Answering the difficult question
Answering the difficult question

Answering the difficult question

Why did I do it?

Why did I help John Manard escape from prison? That’s the million dollar question. Literally.

It’s taken me losing everything, building a new life from scratch at the age of 51, years of expensive counseling and therapy, and decades of introspection, to come close to an answer.

Even still, I don’t have the complete answer. But I have parts of it.

I was desperate for change in my life. I felt invisible and then suddenly I was the center of someone’s world.

Here are the things I’ve learned:

  • Decisions made while desperate are rarely logical.
  • Some days the best you can do is move one teeny tiny baby step forward. And that counts.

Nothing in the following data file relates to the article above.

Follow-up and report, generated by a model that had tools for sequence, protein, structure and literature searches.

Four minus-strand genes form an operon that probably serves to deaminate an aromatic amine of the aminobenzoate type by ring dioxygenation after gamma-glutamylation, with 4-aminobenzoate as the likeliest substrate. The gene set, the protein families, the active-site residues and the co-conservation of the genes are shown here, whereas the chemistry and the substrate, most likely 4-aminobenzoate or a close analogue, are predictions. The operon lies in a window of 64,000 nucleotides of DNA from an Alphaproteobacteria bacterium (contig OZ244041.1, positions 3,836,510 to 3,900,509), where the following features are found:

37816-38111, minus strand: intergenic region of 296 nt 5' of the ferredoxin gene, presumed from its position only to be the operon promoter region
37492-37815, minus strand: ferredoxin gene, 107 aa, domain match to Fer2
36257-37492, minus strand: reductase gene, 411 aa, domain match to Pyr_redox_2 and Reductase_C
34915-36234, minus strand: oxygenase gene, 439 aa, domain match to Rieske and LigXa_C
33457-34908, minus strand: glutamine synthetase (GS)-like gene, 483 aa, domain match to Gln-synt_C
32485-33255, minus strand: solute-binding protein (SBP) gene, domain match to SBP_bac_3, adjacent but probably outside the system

• Time is a blessing, even if it’s behind bars.
  • We all have a gift to share with the world.
  • Change is unbelievably difficult – in fact I don’t think there’s a word in the dictionary that can define just how difficult change is.
  • Rock bottom is a solid foundation on which to build a new life.
  • When UP is the only way you can go, you can’t lose.
  • Second chances are real, but sometimes not with every person in your life.
  • Second chances require letting go.
  • You don’t always end up at the destination you set sail for.
  • The world, even with its ugliness, is a beautiful place.
  • Women yearn to be heard and appreciated.
  • It is the act of breaking free that gives you the strength to fly.
  • You have to speak up and tell your truth – someone out there is waiting to hear it.

So, back to the question, why’d I do it?

The answer is all those things I’ve learned and all the the things I’ve yet to learn.

The answer is still being written, but it’s becoming clearer.

I did it because I had to. I thought it was my only way out. The answer is closer…

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